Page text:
VANISHED EMPIRES

Dedicated to classics and hits.

Monday, July 24, 2017

Señor Vivo and the Coca Lord (1991) by Louis de Bernières


Book Review
Señor Vivo and the Coca Lord (1991)
 by Louis de Bernières

    Louis de Bernières is an English author.  His most famous book is Captain Corelli's Mandolin, forever tainted by its association with walking human meme Nicolas Cage.  Señor Vivo and the Coca Lord is the second book in his "Latin American" trilogy, apparently based on his love for the magical realism of Gabriel Garcia Marquez and his stint teaching English in Columbia.  His take on magic realism is firmly grounded in the politics of "now," circa 1991.

  Señor Vivo is a philosophy professor, the son of a General, who takes a public stand against narco-business in a local newspaper.  He draws the wrath of the Coca Lord.  Magical realist flourishes aside, the violence and corruption depicted by de Bernières are very much real, or at least the reality that we are familiar with from television.

  I'm not sure it really stands up as a classic.  It's basically still within the 25 year quarentine zone that hovers around new releases and personally, I find it a tiny bit offensive that an English author feels so comfortable writing about Latin America in a magically realistic style, I mean who is he to judge?

Saturday, July 22, 2017

Wise Children (1991) by Angela Carter

The complicated family tree from Wise Children by Angela Carter

Book Review
Wise Children (1991)
by Angela Carter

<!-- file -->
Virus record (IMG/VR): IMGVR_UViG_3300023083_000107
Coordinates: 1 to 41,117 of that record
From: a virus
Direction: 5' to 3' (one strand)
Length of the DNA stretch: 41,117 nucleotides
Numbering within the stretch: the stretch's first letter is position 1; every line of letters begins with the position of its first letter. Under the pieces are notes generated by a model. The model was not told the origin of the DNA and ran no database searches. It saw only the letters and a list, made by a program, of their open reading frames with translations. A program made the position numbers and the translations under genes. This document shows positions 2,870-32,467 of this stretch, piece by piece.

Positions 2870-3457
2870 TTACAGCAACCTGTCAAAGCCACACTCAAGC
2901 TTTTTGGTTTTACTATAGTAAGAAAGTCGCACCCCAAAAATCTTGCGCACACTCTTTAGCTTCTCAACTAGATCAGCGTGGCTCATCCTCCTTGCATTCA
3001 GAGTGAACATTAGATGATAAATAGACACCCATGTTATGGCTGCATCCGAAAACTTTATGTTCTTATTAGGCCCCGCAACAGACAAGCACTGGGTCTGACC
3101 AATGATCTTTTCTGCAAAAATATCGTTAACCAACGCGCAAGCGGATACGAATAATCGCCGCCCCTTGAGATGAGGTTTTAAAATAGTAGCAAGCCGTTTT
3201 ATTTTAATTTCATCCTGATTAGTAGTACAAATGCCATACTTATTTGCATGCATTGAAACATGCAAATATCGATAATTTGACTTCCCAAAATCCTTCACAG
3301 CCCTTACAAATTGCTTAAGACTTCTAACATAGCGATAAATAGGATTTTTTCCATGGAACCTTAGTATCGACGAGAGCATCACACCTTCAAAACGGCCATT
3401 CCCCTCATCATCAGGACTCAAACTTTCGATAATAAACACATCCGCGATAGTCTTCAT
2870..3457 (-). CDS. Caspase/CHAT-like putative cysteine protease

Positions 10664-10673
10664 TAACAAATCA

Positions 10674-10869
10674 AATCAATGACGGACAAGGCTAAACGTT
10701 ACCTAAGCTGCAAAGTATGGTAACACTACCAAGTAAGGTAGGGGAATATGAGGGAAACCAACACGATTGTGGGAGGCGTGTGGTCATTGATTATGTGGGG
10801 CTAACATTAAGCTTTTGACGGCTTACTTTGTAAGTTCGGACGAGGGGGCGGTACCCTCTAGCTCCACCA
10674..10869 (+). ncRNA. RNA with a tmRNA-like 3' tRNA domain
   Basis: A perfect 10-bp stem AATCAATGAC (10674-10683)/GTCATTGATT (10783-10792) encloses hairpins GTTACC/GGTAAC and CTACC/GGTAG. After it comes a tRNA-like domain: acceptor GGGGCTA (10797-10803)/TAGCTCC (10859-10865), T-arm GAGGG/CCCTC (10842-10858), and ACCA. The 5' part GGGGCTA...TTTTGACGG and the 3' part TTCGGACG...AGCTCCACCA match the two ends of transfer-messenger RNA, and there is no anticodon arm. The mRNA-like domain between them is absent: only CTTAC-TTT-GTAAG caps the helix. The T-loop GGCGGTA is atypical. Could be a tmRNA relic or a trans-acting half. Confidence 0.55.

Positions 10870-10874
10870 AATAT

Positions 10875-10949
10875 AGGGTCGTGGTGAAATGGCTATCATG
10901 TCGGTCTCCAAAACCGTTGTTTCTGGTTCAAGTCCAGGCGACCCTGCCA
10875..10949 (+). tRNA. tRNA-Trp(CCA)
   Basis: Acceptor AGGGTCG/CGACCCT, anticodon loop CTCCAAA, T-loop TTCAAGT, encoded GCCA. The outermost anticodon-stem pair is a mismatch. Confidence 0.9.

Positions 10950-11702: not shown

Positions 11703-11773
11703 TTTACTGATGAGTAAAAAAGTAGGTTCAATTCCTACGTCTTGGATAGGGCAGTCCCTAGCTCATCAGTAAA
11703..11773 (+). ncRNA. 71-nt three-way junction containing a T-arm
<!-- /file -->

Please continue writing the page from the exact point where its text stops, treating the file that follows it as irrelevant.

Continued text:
Angela Carter died of cancer shortly after Wise Children was published.  It was an early death, she was only 51.  We don't know what else she would have written, but fair to say that it was a premature loss.  Carter was not only a novelist, she wrote poetry, short fiction, translated works from French and a wide variety of anthologized non-fiction.

   Her novels are therefore only one aspect of her contribution to the republic of letters, but I'm sure it's fair to say she has a higher profile in England then she does over here.  Like Nights at the Circus, her 1984 publication that ranks as her top book, Wise Children features non-conventional families immersed in the world of early 20th century musical theater and vaudeville.  Unlike Nights at the Circus, Wise Children is firmly rooted in the real, and abandons the flights into surrealism and magical realism which characterized Nights at the Circus.

  Wise Children largely consists of the reminiscences Dora and Nora Chance, the illegitimate twin daughters of theater impresario Melchior Hazard.  Set in an unspecified "present," much of Wise Children takes place in flashback form, as Dora and Nora go through all the different permutations suggested by the flow chart above.

Gravity's Rainbow (1973) by Thomas Pynchon



Gravity's Rainbow
by Thomas Pynchon


  I would argue that Gravity's Rainbow is the second best novel of the 20th century (Ulysses by James Joyce).   No author has more directly influenced by cultural development than Pynchon, from roughly college, when I read Gravity's Rainbow for the first time, to today.  The reading I did for this post was, I think, the third time I've read Gravity's Rainbow, but it was the first time I bought a "reading copy" and sat there with a pen in hand, making notes page-by-page, so that I could delve deeper into the mysteries presented.

    What I was discovered was more linkages between Pynchon's books, details of the intricacies of the plotting that had previously escaped my notice, and observations about Pynchon's influences.   Starting with the last first, I was very much struck by the similarities between large swathes of Gravity's Rainbow and the writing of William Burroughs circa Naked Lunch.   A critical character in Gravity's Rainbow is Doctor Weissman/Captain Blicero, a German army officer with a fondness for BDSM and gay sex.  The chapters involving Blicero and his proclivities seem like they were almost imported from the Burroughsian fantasies of Naked Lunch.   These heavy s&m sequences, which I basically didn't even remember reading about the first two times through, are likely the reason that Pynchon hasn't won the Nobel Prize for Literature- too dirty for the Nobel committee!